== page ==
Completing drug addiction treatment does not always guarantee success. In fact, a large number of people who battle these problems suffer relapses. Indeed, this is a part of the cycle of addiction. Recovery is a life-long process and it’s important to know the proper coping skills for substance abuse. To gain the most success, it is vital to learn how to identify triggers and how to develop positive coping skills for substance abuse that help to overcome temptations of drugs or alcohol as a means to feel better.
Notably, triggers bring emotional, social, or environmental reactions that remind a person about his or her past substance misuse problems. Many times, a trigger delivers an urge that leads to relapse. A trigger can be external or internal. For example, a trigger may be a person, place, or smell that reminds someone of past negative behavior. In the end, it may lead a person to cope in an unhealthy manner.
- Spending time with a person who did drugs with an individual may cause triggers. For example, a drug dealer, friend, or coworker who has done drugs with a person may bring back negative feelings.
- A place where a person once did drugs can lead to triggers. For example, a bar, club, restaurant, or friend’s house may remind a person of an old habit.
- Attending events where people are drinking or using drugs may trigger an individual. For example, a wedding or a concert where alcohol or drugs are present may cause a person to crave the substances.
- Hiding places where a person used to place drugs or alcohol may lead to triggers. For example, going through a particular drawer or a closet may stir emotions related to past drug use.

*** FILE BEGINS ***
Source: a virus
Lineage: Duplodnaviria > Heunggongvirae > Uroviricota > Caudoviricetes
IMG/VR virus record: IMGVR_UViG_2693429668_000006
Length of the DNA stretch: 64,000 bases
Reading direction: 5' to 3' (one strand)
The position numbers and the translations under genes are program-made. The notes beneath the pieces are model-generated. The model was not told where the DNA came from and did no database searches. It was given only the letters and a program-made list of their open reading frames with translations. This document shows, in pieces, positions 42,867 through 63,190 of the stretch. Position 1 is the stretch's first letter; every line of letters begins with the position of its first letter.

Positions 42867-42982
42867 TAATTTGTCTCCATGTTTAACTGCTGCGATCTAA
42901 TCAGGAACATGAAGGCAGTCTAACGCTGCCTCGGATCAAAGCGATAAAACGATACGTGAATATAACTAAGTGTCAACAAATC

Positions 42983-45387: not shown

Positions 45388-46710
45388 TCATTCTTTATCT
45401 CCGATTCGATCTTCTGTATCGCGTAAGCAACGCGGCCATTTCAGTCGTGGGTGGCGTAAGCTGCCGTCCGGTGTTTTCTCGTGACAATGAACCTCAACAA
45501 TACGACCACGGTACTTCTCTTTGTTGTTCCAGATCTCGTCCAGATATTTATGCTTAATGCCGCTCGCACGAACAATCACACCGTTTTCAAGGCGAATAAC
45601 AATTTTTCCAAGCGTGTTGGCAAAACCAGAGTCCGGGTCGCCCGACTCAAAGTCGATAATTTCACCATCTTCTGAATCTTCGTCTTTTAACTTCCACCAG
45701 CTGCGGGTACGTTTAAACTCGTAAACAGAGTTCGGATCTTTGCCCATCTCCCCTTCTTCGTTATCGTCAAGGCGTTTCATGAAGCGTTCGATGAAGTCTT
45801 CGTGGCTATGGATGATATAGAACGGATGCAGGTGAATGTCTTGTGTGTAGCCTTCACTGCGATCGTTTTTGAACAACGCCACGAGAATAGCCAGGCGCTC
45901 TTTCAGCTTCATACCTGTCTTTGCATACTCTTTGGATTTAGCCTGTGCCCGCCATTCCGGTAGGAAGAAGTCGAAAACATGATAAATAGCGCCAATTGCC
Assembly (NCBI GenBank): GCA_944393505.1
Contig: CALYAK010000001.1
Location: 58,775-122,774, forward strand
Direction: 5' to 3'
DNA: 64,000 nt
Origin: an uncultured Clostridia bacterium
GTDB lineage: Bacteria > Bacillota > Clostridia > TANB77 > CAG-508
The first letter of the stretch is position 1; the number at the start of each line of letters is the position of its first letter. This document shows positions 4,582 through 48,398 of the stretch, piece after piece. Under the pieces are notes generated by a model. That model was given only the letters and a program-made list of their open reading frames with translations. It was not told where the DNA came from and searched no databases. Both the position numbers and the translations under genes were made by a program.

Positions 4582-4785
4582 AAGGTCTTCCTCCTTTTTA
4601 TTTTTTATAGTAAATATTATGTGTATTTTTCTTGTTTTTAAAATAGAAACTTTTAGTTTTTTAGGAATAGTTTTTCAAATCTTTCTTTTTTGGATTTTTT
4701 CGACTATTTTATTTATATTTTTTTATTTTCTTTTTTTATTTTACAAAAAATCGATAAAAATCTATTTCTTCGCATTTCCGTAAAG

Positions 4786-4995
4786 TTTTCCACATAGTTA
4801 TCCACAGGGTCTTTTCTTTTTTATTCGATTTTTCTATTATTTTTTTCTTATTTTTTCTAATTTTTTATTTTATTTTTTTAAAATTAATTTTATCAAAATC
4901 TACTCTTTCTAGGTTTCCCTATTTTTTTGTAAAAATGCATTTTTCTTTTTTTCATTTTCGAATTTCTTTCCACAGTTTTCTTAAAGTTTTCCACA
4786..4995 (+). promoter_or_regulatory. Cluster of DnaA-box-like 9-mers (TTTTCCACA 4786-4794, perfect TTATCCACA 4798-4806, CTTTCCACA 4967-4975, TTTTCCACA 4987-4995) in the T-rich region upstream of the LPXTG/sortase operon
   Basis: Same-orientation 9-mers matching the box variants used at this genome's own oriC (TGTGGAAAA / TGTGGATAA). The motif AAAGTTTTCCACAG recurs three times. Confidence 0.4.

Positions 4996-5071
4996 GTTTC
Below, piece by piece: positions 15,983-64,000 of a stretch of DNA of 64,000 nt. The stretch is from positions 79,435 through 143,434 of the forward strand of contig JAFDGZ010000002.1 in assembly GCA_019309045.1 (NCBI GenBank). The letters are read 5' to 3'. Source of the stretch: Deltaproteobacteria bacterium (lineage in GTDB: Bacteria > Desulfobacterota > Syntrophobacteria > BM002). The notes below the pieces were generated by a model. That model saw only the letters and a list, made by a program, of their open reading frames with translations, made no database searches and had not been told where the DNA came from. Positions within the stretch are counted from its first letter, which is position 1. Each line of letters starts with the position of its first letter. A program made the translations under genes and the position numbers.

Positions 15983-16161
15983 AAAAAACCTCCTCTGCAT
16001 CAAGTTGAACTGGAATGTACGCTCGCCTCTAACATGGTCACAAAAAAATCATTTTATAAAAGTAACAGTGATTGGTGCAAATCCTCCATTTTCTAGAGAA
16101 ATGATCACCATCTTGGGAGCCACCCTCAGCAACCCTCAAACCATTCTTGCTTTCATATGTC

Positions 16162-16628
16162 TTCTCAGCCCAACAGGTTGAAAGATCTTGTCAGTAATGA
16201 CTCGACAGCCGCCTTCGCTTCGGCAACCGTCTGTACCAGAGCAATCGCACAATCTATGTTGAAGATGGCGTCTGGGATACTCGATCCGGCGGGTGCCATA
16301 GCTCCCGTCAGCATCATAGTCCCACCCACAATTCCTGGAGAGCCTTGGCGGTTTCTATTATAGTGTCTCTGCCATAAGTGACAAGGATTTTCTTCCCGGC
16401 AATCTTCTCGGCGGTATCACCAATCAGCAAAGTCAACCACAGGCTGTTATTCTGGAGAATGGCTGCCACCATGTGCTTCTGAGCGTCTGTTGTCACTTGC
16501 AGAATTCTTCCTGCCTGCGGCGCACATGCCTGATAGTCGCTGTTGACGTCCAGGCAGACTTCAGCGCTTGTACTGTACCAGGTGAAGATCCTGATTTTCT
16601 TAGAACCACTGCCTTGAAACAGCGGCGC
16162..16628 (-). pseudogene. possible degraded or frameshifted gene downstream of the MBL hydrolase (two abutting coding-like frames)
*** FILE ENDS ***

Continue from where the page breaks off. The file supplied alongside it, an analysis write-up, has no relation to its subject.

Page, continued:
- Objects may cause cravings. For example, an empty pill bottle or drug paraphernalia may trigger negative behavior.
External triggers are extremely dangerous. They make a person develop a desire to use drugs subconsciously. On the other hand, internal triggers are even more challenging. They bring feelings associated with substance abuse and cause intensive cravings. Triggers are not always negative feelings or situations. For example, a person may get a promotion at work and reach for drugs or alcohol to celebrate. Recognizing these triggers is one of the essential coping skills for substance abuse recovery.
Unhealthy Coping Skills
Specifically, coping skills are techniques used to deal with stress and difficult situations. Although they may not be long-term solutions, they help a person deal with painful experiences and things that may lead to negative behaviors. Unfortunately, many people develop unhealthy coping skills. Unhealthy coping skills for substance abuse can do more harm than good in the long run.
Falling Back with People Who Abuse Drugs or Alcohol
During recovery, it is vital to stay away from old pals who have been involved with your previous using habits. It’s better to reflect on the people who are willing to help you remain sober. In other words, a person must focus on the people who offer positive support.